But there is a fundamental fallacy in the view that the poor are poor because the rich are rich. There may well be some of the rich who are exploiting some of the poor and where the poor are not getting a just opportunity to be creators of wealth. There may well be members of the rich who create no wealth but remain rich because of inherited wealth. But by far the greatest majority of the rich are rich because they created more wealth than others. The real question is whether each individual gets an equitable opportunity to create wealth and then gets to retain an equitable portion of the wealth he has created. (It is a different matter but I still do not understand why it is the creation and the retention of wealth that attracts more penalties in the form of taxation than the destruction or consumption of wealth).
I incline to the view that taxation as it is practiced today by most states is fundamentally immoral. It is in fact an act of confiscation. This I wrote in February 2015.
I am persuaded that the concept of taxation as practised today is immoral. It is fundamentally a coercion of an individual by a larger (stronger) society. It is an enforced confiscation (by threat of legal action) of an individual’s property or wealth. It cannot be seen as a membership fee for being a member of the society because leaving (or being expelled from) the society is not an option. It is closer to the extortion of “protection money” than to the membership dues for a golf club. The use to which the funds are put is irrelevant. The key point is whether the payment is voluntary or coerced. When early Christians paid a “tithe” to the Church voluntarily it was not immoral. But when the payment was coerced and no longer voluntary, the system became immoral. Similarly Islam requires the payment of zakat on individual wealth over the minimum nisab and this also shifted from a quite unexceptionable and moral voluntary payment to become an obligatory and immoral coercive confiscation.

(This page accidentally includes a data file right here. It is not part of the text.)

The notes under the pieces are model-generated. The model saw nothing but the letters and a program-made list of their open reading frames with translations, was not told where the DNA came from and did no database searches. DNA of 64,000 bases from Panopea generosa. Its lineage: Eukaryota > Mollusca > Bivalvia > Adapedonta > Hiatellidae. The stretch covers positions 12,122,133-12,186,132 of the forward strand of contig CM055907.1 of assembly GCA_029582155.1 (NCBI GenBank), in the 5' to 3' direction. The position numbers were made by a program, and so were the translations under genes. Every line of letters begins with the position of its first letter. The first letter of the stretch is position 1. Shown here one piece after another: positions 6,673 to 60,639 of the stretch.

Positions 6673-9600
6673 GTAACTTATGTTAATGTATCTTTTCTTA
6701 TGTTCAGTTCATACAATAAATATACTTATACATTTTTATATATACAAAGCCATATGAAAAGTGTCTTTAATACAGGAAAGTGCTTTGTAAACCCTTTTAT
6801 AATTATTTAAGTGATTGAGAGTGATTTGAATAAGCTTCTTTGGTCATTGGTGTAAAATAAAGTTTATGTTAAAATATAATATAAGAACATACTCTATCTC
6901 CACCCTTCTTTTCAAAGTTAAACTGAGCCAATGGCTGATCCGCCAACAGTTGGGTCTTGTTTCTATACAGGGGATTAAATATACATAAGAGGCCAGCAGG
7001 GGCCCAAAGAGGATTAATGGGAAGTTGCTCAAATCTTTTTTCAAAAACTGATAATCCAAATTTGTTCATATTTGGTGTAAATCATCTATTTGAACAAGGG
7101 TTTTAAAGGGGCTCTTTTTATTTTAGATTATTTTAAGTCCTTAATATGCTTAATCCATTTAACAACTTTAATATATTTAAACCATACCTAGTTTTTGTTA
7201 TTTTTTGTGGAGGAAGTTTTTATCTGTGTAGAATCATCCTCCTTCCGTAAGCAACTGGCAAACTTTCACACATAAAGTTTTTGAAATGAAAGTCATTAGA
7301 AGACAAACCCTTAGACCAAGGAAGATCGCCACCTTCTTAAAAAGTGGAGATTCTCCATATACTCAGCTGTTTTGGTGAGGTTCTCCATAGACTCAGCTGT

I don’t quarrel with the need for any society to generate “common funds” to improve the well being of that society. But the legitimacy of appropriating the funds lies only in that the society (state) is stronger than the individual. Might becomes right. I come to the conclusion that a tax code by which the amount a “good citizen”should contribute to society is calculated is quite moral as long as the payment is then voluntary. There would be no moral issue if all taxation was voluntary. The immorality lies in the use of threat or force to confiscate the payment. It is the oppression of the minority by the majority which is immoral. (I observe that all democracies use the very fact of being a “democracy” as being a justification for the oppression of minorities when that is the will of the majority. As if being in the majority – by and of itself – ensures proper behaviour). But, the good socialist will argue, compulsory payment of tax is necessary to ensure the funds for the common good. Without coercion society as a whole would suffer. The common good – as seen by the majority – is worth the oppression of the minority who do not pay their dues.